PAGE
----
Re: [gnso-vi-feb10] Group on documenting "harms"
- To: "Mike O'Connor" <mike@xxxxxxxxxx>
- Subject: Re: [gnso-vi-feb10] Group on documenting "harms"
- From: Eric Brunner-Williams <ebw@xxxxxxxxxxxxxxxxxxxx>
- Date: Tue, 27 Jul 2010 19:30:52 -0400
Mikey and Roberto,
In the development of a catalog of harms I have a few suggestions.
1. For each posited harm, ask what the necessary information or
opportunities are, and if the harm is over-specified, that is, a facet
of a "gem" of exploits of information, opportunity and absence of
enforcement, and provide pointers to the appropriate literature.
E.g., for (land rush) auction systems, what benefits accrue to
(registry operator) sellers who control some (registrar) bidders?
I know there are papers on some of the subjects, for instance quite a
few in the auction literature.
I don't know if there is any utility in asking Staff if any of the
Registrar compliance experience is available, and the last time I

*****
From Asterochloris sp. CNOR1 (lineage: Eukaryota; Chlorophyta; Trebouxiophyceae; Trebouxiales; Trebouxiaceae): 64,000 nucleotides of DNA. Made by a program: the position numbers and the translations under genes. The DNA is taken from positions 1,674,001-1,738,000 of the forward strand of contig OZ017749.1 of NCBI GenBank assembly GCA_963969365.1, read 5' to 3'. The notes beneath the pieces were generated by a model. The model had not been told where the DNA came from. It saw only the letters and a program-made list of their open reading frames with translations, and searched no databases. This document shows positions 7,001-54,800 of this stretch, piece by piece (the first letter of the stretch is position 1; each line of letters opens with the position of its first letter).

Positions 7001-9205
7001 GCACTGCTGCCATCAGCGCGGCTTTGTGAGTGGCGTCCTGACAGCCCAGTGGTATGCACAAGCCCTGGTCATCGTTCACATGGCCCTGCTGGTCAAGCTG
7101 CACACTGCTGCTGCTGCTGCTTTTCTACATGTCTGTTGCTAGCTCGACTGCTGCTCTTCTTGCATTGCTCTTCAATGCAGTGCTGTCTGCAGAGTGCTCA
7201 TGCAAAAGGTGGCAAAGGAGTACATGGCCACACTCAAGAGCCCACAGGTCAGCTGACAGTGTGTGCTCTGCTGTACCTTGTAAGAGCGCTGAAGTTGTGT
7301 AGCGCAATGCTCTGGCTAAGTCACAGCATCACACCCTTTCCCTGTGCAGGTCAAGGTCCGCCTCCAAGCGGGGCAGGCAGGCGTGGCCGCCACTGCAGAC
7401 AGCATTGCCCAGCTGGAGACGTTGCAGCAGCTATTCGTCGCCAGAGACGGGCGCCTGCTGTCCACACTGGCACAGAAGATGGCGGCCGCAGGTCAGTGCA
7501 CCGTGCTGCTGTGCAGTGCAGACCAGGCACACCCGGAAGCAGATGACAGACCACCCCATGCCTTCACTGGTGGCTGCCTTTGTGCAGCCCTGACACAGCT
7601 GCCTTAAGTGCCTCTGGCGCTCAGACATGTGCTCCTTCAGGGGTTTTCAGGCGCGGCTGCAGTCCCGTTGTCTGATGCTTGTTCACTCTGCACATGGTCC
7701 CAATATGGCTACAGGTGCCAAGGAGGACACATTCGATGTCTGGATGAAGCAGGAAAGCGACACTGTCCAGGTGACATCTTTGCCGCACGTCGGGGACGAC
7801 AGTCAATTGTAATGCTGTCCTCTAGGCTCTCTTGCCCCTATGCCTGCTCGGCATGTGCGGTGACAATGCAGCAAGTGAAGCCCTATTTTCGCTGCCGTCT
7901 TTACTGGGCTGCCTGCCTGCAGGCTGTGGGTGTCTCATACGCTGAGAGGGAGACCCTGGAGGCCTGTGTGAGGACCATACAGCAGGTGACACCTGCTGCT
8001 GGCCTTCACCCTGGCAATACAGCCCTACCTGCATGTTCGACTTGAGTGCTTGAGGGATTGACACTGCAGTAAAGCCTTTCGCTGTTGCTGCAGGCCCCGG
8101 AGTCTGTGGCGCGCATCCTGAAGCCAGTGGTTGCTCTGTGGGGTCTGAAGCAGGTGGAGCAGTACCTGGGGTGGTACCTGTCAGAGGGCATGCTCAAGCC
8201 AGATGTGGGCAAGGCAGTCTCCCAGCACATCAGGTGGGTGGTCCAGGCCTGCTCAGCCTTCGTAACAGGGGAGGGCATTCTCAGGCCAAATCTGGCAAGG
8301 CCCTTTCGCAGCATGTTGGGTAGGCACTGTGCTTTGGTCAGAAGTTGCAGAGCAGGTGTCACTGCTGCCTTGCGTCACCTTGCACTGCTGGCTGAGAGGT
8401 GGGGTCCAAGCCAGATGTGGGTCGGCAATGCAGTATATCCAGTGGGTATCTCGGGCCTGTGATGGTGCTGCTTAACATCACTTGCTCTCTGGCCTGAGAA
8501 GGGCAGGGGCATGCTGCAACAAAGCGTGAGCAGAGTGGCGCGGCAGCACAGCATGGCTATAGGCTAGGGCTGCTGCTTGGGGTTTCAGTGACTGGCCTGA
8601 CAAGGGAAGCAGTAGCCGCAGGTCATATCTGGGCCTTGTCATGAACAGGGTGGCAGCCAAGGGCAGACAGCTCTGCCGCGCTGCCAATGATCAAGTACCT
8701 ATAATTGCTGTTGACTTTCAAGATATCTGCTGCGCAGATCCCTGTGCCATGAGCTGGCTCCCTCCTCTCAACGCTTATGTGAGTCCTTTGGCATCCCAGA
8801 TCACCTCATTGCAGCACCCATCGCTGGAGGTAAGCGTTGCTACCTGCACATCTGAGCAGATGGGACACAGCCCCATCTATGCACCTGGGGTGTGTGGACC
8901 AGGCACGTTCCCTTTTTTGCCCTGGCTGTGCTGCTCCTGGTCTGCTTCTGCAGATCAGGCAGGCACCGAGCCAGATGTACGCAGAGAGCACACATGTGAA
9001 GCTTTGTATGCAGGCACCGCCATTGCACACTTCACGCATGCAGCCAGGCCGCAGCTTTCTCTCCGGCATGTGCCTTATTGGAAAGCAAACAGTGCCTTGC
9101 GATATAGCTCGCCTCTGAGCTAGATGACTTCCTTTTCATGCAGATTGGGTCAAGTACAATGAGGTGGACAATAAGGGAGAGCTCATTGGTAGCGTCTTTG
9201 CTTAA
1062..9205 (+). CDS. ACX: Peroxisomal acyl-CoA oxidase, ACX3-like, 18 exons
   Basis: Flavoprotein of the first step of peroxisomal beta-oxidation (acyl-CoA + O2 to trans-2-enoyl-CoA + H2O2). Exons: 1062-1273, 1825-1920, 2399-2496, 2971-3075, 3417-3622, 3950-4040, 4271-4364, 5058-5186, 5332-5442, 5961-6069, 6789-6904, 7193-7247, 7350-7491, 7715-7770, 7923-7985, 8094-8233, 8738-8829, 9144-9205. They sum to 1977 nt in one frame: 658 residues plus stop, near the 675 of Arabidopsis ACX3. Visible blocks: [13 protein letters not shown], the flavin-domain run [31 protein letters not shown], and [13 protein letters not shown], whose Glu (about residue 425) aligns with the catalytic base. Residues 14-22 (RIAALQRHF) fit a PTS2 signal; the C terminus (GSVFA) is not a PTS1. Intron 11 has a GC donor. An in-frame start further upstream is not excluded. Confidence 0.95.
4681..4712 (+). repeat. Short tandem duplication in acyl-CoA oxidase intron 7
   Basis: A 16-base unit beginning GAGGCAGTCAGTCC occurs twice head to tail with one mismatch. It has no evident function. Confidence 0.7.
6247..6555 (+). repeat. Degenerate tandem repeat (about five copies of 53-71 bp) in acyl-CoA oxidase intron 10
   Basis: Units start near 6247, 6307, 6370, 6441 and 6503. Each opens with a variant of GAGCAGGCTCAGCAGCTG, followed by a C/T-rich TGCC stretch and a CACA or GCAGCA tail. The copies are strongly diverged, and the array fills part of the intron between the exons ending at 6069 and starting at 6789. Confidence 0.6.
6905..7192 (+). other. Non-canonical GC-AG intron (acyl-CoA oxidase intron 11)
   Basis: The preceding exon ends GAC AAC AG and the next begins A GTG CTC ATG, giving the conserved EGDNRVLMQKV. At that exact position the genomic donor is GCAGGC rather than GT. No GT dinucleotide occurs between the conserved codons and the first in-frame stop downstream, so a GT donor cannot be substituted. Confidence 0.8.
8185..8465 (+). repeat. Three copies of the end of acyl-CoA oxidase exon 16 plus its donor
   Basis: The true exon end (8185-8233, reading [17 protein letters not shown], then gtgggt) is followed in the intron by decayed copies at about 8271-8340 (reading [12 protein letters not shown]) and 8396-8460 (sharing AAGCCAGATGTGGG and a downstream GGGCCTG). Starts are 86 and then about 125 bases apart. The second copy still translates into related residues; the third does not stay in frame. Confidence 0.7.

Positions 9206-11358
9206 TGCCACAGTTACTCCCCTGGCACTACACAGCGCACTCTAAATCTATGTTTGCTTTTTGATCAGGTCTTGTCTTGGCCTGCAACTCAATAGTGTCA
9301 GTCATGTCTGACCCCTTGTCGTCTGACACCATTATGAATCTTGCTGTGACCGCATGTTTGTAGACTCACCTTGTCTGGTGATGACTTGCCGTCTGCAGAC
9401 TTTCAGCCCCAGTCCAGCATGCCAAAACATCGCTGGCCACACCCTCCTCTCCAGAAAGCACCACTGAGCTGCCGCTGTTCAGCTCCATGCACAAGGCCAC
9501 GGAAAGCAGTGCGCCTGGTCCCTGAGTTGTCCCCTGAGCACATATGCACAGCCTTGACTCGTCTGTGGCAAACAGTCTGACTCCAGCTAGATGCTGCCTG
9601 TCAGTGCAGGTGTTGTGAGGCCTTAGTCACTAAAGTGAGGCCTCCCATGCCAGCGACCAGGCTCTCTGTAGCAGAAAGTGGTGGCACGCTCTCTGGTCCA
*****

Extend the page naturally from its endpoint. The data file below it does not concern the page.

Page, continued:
suggested using Staff resources (the CRAI SOW and its statement of
harms) it was not a suggestion that anyone thought useful, but it is
possible that Staff has some specific experience in economic acts that
some Staff think worth review for suitability, either as acts to be
avoided by policy, or illustrative of kinds of acts to be avoided by
2. Use a spreadsheet or a wiki. A bullet list is just a temporary aid
3. Dump the "potential harms from continued separation" as that is
just advocacy. Our problem is to find what there are harms in change,
not to find sufficient harms to motivate change.
We have to accept that some will see no "harm", or no compelling harm,
in separation. Calling it a "harm" means we have treat the "no harms"
claims from the Free Trade and allied integration advocates as equally
meaningless. Neither seems particularly useful.
There is implied advocacy. It should be avoided.
3. Market power is absent from the bullet list. Some harms are
predicated upon market power.